HOUSTON—In the dead of summer, at a time when temperatures soar and sane people go on vacation, Texans are going to the polls again to wrap up an unprecedented season of summertime primaries.
Across the state, early voting has begun in the party runoffs for everything from county constable posts to judge’s jobs. But by far, the hottest race of all in this long, hot summer is the Republican race to replace Kay Bailey Hutchison in the U.S. Senate.
Just a few months ago, a lot of people in politics figured the job was Lt. Gov. David Dewhurst’s to lose. Now, improbably, it looks like that just might happen, with some polls showing him trailing the insurgent Tea Party favorite Ted Cruz.
Dewhurst and Cruz both cast their ballots Monday on the first day of early voting. Dewhurst was accompanied in Austin by Gov. Rick Perry, the highest-ranking name in an army of establishment elected officials backing the lieutenant governor’s campaign. Cruz voted in Houston at the West Gray Multi-Service Center, crediting his dramatic rise in the polls to a grassroots campaign backed by fed-up conservative voters.
"It’s July," Dewhurst said. "And we’ve never had an election in July that I’m aware of. So this is completely new. A lot of people are gone. A lot of people are focusing on their families and vacations. And so, in a way, we’re interrupting them. But this is an important election."
Perry stood by Dewhurst’s side, defending the lieutenant-governor’s conservative credentials and knocking Cruz for accepting a lot of campaign money from donors in other states.
"I don’t know any of the major business groups in the state that are not endorsing and working for David Dewhurst because of what he’s done for the state," Perry said.
Dewhurst has won the backing of almost all Republican state senators, many of whom bristle at Cruz’s attacks on Dewhurst as attacks on their own records. But Cruz dismissed the senators’ support of Dewhurst.
"He has always had the support of just about every elected official in Texas," Cruz said. "That’s never been our base. Our base has been grassroots activists. It has been from day one in this campaign. When we began in this campaign a year and a half ago, I was at two percent in the polls. And the margin of error was three percent."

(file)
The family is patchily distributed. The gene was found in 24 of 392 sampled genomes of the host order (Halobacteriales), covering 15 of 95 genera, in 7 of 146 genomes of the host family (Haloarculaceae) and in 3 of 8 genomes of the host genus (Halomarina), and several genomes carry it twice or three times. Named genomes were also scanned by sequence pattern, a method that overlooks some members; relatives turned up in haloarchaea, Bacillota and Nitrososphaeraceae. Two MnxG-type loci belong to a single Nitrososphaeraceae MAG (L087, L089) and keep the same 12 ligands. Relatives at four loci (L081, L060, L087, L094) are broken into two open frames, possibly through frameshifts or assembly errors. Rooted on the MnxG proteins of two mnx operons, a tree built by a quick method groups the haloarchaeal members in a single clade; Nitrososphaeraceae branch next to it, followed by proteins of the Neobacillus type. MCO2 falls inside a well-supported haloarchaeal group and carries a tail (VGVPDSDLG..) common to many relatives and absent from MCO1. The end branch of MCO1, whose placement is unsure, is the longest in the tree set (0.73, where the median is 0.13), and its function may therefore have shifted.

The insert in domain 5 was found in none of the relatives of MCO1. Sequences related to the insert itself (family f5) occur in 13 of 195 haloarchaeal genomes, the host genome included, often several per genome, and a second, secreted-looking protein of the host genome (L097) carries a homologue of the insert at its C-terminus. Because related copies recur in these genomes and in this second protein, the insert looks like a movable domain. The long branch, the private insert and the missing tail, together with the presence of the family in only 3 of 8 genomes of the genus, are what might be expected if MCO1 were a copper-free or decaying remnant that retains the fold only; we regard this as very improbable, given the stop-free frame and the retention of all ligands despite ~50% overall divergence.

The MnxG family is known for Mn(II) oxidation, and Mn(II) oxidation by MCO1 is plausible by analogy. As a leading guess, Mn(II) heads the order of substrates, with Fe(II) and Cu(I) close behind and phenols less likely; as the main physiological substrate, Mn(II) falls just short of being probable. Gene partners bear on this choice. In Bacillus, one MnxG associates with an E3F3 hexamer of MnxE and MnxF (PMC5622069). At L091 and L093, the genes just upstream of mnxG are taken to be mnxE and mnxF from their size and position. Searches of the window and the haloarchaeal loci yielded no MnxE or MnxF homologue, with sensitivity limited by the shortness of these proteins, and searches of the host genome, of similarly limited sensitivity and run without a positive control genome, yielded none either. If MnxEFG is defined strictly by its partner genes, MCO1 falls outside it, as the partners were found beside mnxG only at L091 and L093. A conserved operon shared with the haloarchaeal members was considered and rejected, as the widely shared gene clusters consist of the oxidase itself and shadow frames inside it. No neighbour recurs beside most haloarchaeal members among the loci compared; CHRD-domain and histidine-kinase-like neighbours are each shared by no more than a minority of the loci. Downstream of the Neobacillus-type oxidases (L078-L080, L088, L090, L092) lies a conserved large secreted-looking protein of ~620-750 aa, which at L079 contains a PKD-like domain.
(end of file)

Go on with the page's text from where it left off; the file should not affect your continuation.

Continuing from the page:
The latest independent poll, released by Public Policy Polling, showed Cruz supported by 49 percent of surveyed voters, compared to Dewhurst’s 44 percent. Cruz’s lead expands dramatically with voters who say they’re excited about the race, indicating his voters are more likely than Dewhurst’s to turn out for the summer primary runoff. (The poll has a 4.5-percent margin of error.)
Whoever wins the GOP primary will face a Democratic challenger—either former state representative Paul Sadler or party activist Sean Hubbard—in November. But Texas remains a staunchly Republican state, so whoever wins next week’s GOP primary will almost certainly win the Senate seat. And if history offers any guide, either Dewhurst or Cruz will represent Texas in Washington for a very long time to come.
Dewhurst agreed to one final debate before a crowd friendly to Cruz: The King Street Patriots, a Houston-based conservative group that’s a hotbed of Tea Party sentiment.
"These Republican voters are not just conservative anti-spend-and-tax," said Bob Stein, Rice University political scientist and KHOU political analyst. "They believe that anybody who’s been in office for any period of time is the source of this problem. One of the greatest assets Ted Cruz has got is that he’s never run for—and never been elected to—public office."
The strange summertime primaries that could cost Dewhurst his shot at a Senate seat trace back to a decision made by Texas Attorney General Greg Abbott, whose legal strategies surrounding the state’s redistricting process ultimately threw the election season into chaos.
Every decade, Texas lawmakers draw maps dividing the state into districts for seats in Congress and the state legislature. Republicans controlling the Texas Legislature adopted maps designed to maximize the number of GOP voters. Texas usually asks the U.S. Justice Department to "pre-clear" its redistricting maps, but Abbott decided to bypass the Democratically controlled Justice Department by going directly to court.
Then minority groups filed suit in San Antonio, where judges took the extraordinary step of deciding to draw their own maps. Abbott challenged that and took the case to the U.S. Supreme Court.
The legal challenges delayed the March primaries until May, giving Cruz time to build his grassroots campaign. The summer primaries almost certainly lowered voter turnout, a phenomenon that probably helped Cruz, because polls indicate his supporters are more motivated to vote than Dewhurst’s.
Early voting continues through Friday. The Republican and Democratic primaries are scheduled for next Tuesday, July 31.